Effects of Simvastatin on the Metabolism of Vonoprazan in Rats Both in vitro and in vivo
Received 9 March 2022
Accepted for publication 2 June 2022
Published 9 June 2022 Volume 2022:16 Pages 1779—1789
Checked for plagiarism Yes
Review by Single anonymous peer review
Peer reviewer comments 2
Editor who approved publication: Dr Georgios Panos
Yun Hong,1,* Da-Peng Dai,2,* Jian-Ping Cai,2 Shuang-Hu Wang,3 Yi-Ran Wang,1,4 Fang-Ling Zhao,2,4 Shan Zhou,2 Quan Zhou,3 Pei-Wu Geng,3 Yun-Fang Zhou,3 Xue Xu,1 Ji-Hua Shi,1 Qing-Feng Luo1
1Department of Gastroenterology, Beijing Hospital, National Center of Gerontology; Institute of Geriatric Medicine, Chinese Academy of Medical Sciences, Beijing, 100730, People’s Republic of China; 2The Key Laboratory of Geriatrics, Beijing Institute of Geriatrics, Institute of Geriatric Medicine, Chinese Academy of Medical Sciences, Beijing Hospital/National Center of Gerontology of National Health Commission, Beijing, 100730, People’s Republic of China; 3Laboratory of Clinical Pharmacy, The Sixth Affiliated Hospital of Wenzhou Medical University, The People’s Hospital of Lishui, Lishui, 323020, People’s Republic of China; 4Peking University Fifth School of Clinical Medicine, Beijing, 100730, People’s Republic of China
*These authors contributed equally to this work
Correspondence: Qing-Feng Luo, Department of Gastroenterology, Beijing Hospital, National Center of Gerontology; Institute of Geriatric Medicine, Chinese Academy of Medical Sciences, Beijing, 100730, People’s Republic of China, Tel + 86 138 1151 9095, Email [email protected]
Purpose: To study the potential drug–drug interactions between simvastatin and vonoprazan and to provide the scientific basis for rational use of them in clinical practice.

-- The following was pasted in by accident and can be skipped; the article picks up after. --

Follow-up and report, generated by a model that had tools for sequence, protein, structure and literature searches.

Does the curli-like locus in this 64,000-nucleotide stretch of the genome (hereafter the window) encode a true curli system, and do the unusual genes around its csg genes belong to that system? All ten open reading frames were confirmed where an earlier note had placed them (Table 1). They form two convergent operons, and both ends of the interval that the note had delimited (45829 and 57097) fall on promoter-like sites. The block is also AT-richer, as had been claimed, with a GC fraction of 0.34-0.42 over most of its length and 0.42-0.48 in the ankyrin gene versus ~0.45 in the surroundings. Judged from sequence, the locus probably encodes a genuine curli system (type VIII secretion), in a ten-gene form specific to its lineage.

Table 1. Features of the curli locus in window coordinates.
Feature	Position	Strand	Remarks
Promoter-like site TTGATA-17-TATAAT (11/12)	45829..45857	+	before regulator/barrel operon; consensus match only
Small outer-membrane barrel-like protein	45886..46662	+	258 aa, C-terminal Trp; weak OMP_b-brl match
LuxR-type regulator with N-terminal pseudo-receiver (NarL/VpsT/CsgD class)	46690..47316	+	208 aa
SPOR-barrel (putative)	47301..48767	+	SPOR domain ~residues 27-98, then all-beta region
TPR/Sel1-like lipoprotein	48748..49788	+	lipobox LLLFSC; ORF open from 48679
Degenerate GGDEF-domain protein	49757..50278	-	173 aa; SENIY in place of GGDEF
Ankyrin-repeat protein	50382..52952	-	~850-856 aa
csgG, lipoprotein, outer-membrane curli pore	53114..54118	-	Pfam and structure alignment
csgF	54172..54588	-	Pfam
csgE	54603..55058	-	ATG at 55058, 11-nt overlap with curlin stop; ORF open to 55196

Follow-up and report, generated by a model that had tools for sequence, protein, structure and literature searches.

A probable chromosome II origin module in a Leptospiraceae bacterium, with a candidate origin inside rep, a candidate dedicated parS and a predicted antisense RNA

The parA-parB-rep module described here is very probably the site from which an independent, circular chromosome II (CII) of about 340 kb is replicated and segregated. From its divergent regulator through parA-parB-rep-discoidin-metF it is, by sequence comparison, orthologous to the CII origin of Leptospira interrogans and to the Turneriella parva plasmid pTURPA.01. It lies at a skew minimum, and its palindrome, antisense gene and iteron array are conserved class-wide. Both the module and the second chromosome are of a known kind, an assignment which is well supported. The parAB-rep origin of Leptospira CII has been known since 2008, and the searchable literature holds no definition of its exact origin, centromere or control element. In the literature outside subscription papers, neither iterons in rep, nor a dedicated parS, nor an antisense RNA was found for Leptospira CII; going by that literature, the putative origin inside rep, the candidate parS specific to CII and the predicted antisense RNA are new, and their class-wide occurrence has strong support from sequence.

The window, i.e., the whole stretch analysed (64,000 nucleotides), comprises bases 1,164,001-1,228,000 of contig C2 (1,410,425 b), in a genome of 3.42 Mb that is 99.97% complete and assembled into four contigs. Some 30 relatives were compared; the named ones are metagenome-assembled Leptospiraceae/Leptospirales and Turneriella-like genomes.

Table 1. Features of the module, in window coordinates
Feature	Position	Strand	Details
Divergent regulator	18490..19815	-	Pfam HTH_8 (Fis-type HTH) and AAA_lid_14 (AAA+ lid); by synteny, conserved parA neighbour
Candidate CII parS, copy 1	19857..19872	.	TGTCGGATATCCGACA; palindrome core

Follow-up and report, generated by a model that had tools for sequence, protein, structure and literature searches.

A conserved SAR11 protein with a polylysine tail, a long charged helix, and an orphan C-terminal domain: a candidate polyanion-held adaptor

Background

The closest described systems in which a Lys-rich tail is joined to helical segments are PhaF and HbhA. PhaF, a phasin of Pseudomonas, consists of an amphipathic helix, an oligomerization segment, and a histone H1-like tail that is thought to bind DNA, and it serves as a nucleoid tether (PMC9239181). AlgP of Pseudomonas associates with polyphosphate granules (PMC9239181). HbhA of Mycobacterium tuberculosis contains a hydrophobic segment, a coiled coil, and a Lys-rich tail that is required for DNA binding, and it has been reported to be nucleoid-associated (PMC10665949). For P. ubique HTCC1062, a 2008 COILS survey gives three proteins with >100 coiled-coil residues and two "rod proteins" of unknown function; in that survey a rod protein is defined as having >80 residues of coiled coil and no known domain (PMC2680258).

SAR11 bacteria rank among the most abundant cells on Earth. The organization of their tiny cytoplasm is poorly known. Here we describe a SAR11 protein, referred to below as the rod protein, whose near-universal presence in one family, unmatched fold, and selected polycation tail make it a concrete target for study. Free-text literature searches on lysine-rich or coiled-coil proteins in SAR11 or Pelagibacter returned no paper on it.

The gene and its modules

Methods: An incubation system was established with rat liver microsomes, and the main metabolite of vonoprazan M-I was detected by UPLC-MS/MS. The IC50 value of simvastatin was then calculated and its inhibitory mechanism against vonoprazan was also analyzed. Twelve SD rats were randomly divided into 2 groups, then they were given simvastatin or saline for 2 weeks continuously. On the day of the experiment, both groups were intragastrically administered with vonoprazan once, followed by the collection of blood at different time points. Then the plasma concentration of vonoprazan and M-I in rats were detected by UPLC-MS/MS.
Results: In vitro experiments revealed that simvastatin could inhibit the metabolism of vonoprazan, and its inhibition type belonged to the mixed non-competitive and competitive inhibition model. In vivo experiments in rats demonstrated that the area under concentration time curve (AUC) of vonoprazan was decreased but the clearance (CLz/F) of it was increased in the simvastatin administrated group, as compared to those of the control group. However, M-I in simvastatin treated group exhibited the higher AUC and lower CLz/F values compared to those in the control group. These data indicated that multiple doses of simvastatin administration could reduce the plasma concentration of vonoprazan and accelerate its metabolic rate in rats.
Conclusion: Simvastatin could inhibit the metabolism of vonoprazan in vitro but multiple doses of simvastatin exhibited the opposite effect In vivo. Altogether, our data indicated that an interaction existed between simvastatin and vonoprazan and additional cares might be taken when they were co-administrated in clinic.
Keywords: vonoprazan, simvastatin, drug–drug interactions, liquid chromatography-tandem mass spectrometry, rat liver microsomes
As one of the drugs with wide clinical application, simvastatin is mainly used to treat dyslipidemia and it can reduce the concentrations of total cholesterol, triglyceride and low-density lipoprotein (LDL) in plasma, accomplished by increasing the concentration of high-density lipoprotein (HDL).1 It has been reported that simvastatin is the substrates for cytochrome P450 (CYP) enzymes, P-glycoprotein (P-gp) and organic anion-transporting polypeptide transporter (OATP1B1), and it is mainly metabolized via CYP3A4/5, with CYP2C8/9/19 and CYP2D6 also involved in partial metabolism.2 Recently, drug–drug interactions between simvastatin and other drugs were reported, such as simvastatin could inhibit the metabolism of verapamil and apatinib and increase their bioavailability by inhibiting CYP3A and P-glycoprotein (P-gp) efflux pumps.3,4